> man. His record as a pioneering space pilot shows the real stuff of 
> which he was made. We who have inherited today's space program will 
> always be in his debt." 
> The Mercury Seven trained initially at NASA's Langley Research Center 
> in Hampton, Va. In 1961 they moved to the newly established Manned 
> Spacecraft Center (now the Lyndon B. Johnson Space Center) near 
> Houston. 
> Schirra's Sigma 7 mission was called "the perfect flight" by space 
> reporter and author Howard Benedict. After Schirra's splashdown near 
> the carrier USS Kearsarge near Midway Island in the Pacific, he 
> pronounced himself "healthy as a bear" and "happy as a lark." 
> Schirra's Gemini flight with Stafford was something of an 
> improvisation. They had been scheduled to rendezvous in orbit with an 
> unmanned Agena to be launched 90 minutes before the Gemini liftoff. 
> But six minutes after the Atlas-Agena left the pad it exploded, and 
> the Gemini 6-A launch was postponed. 
> Eventually it was decided to use Gemini 7 as a rendezvous target for 
> Gemini 6-A. Both were to be launched from Pad 19 at Cape Canaveral, 
> so a record turnaround of the launch pad was necessary. Working 
> around the clock, crews got the pad ready in just eight days after 
> the Gemini 7 liftoff. 
> The Gemini 6-A countdown reached zero on Dec. 12, 1965, and the rocket 
> engines ignited - then shut down. The two astronauts had to wait 
> almost half an hour atop the fueled rocket before getting out of the 
> capsule. The problem turned out to be minor, the failure of an 
> electrical connection. 
> Three days later, Gemini 6-A was launched without a hitch. The mission 
> proved the spacecraft could be readily maneuvered. It was an 
> encouraging development in the race to reach the moon. 
> By the launch of Apollo 7 in October 1968, the moon landing seemed to 
> be coming within reach. The success of the flight proved that it was. 
> Accomplishments of the mission commanded by Schirra resulted in the 
> next flight, Apollo 8, being sent around the moon.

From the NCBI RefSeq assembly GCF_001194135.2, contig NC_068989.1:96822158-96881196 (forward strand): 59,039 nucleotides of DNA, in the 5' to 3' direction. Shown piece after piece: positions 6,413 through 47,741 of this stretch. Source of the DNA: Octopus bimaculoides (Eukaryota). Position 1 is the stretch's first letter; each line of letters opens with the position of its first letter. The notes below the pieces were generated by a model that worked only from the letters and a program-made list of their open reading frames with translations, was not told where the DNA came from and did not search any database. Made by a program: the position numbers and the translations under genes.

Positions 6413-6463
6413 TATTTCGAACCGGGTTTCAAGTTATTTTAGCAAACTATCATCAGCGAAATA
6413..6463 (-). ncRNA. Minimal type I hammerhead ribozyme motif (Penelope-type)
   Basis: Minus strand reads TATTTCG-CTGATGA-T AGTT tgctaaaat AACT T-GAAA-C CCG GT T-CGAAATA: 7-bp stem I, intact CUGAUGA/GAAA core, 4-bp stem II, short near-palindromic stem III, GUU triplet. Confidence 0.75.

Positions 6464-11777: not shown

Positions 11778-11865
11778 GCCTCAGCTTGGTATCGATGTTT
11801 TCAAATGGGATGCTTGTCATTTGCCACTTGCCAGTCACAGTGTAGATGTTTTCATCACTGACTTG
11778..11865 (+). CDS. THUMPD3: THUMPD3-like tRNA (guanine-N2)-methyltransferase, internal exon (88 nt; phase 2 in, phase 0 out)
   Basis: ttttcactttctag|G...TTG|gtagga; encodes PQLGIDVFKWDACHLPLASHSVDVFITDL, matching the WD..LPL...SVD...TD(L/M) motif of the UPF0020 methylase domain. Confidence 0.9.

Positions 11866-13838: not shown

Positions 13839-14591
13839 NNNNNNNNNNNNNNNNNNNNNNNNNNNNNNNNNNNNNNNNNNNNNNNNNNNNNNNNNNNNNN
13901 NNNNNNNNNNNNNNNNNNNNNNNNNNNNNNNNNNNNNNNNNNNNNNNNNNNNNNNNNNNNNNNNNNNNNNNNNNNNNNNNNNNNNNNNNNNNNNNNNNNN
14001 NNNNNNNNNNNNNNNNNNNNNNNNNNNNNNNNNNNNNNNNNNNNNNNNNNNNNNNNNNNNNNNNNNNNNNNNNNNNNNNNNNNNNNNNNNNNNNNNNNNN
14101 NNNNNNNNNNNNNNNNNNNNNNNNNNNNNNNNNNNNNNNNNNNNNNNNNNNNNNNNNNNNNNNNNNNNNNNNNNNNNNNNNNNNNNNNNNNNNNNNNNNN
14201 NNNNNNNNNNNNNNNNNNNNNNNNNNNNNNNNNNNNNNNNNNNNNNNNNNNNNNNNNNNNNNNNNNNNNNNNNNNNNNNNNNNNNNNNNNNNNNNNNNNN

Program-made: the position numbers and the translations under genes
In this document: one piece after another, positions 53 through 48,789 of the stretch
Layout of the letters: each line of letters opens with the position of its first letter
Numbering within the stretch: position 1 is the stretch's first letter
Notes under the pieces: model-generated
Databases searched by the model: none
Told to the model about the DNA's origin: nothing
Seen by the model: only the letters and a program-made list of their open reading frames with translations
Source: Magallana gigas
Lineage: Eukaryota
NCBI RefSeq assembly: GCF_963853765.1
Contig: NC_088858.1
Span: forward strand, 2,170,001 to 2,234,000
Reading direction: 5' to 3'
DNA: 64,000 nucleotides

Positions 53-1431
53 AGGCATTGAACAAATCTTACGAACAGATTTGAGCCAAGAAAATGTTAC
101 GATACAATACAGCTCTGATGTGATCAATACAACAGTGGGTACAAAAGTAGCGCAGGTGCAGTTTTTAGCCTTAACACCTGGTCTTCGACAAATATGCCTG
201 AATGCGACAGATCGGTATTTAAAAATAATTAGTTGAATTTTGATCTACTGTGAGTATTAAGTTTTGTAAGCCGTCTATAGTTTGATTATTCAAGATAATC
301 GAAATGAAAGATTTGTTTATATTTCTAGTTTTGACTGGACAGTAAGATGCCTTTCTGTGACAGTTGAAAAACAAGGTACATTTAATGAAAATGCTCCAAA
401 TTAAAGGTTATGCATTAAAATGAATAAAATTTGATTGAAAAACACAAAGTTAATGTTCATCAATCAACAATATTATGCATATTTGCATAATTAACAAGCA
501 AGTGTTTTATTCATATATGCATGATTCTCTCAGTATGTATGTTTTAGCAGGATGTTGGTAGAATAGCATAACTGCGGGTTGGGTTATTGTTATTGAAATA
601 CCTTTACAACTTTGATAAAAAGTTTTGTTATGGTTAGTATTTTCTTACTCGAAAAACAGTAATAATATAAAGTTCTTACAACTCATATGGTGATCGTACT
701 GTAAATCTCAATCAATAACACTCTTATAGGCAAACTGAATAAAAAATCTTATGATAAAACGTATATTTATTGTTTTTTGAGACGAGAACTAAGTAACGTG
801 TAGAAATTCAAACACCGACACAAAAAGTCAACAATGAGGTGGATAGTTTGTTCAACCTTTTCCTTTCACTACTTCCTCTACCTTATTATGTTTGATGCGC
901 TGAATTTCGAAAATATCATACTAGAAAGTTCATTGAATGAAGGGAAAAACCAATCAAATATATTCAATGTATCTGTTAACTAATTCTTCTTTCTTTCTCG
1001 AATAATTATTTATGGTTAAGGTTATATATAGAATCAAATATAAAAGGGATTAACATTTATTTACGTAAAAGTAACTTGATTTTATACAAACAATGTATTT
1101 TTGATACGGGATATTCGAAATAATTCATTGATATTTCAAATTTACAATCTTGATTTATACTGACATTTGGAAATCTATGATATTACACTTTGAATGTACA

> Apollo 7 had not been all smooth sailing. All three astronauts had 
> colds. Schirra was occasionally firm in rejecting requests from the 
> ground to insert additional events in the already-crowded flight 
> plan. 
> "Television will be delayed, without any further discussion, until 
> after the rendezvous" (with a spent rocket stage), he said. He 
> subsequently was even more critical of efforts to add events to the 
> flight plan. Eventually the almost daily television transmissions 
> from Apollo 7 became popular mainstays of the mission coverage. 
> Schirra subsequently apologized for the tone of some of his 
> criticisms, though not for their content. 
> After leaving NASA, he participated in a number of television 
> presentations and films, and served as national spokesman for several 
> organizations and companies. He also held numerous directorships for 
> a variety of businesses, in addition to his consulting work. He also 
> wrote two books, "We Seven" published in 1960 and "Schirra's Space" 
> published in 1988. 
> Schirra's military awards included the Navy Distinguished Service 
> Medal, three Distinguished Flying Crosses, three Air Medals, two NASA 
> Distinguished Service Medals, the NASA Exceptional Service Medal and 
> the Philippines Legion of Honor. 
> He was awarded honorary doctorates by several institutions of higher 
> learning. 
> He was active in a number of organizations. He was on the Advisory 
> Committee of the Oceans Foundations, the Advisory Board/Council of 
> U.S. National Parks, the Advisory Board of International "Up With 
> People" and was a founding member and director of the Mercury Seven 
> Foundation. 
> He also was a director of the San Diego Aerospace Museum, a trustee of 
> the Scripps Aquarium, and a member of the International Council of 
> the Salk Institute. 
> Schirra lived in Rancho Santa Fe, Calif. Survivors include his wife 
> Josephine, his daughter Suzanne and son Walter Schirra III. 
> Images and video from Schirra's years with NASA can be seen at: 
> http://www.nasa.gov/vision/space/features/walter_schirra.html
> -end-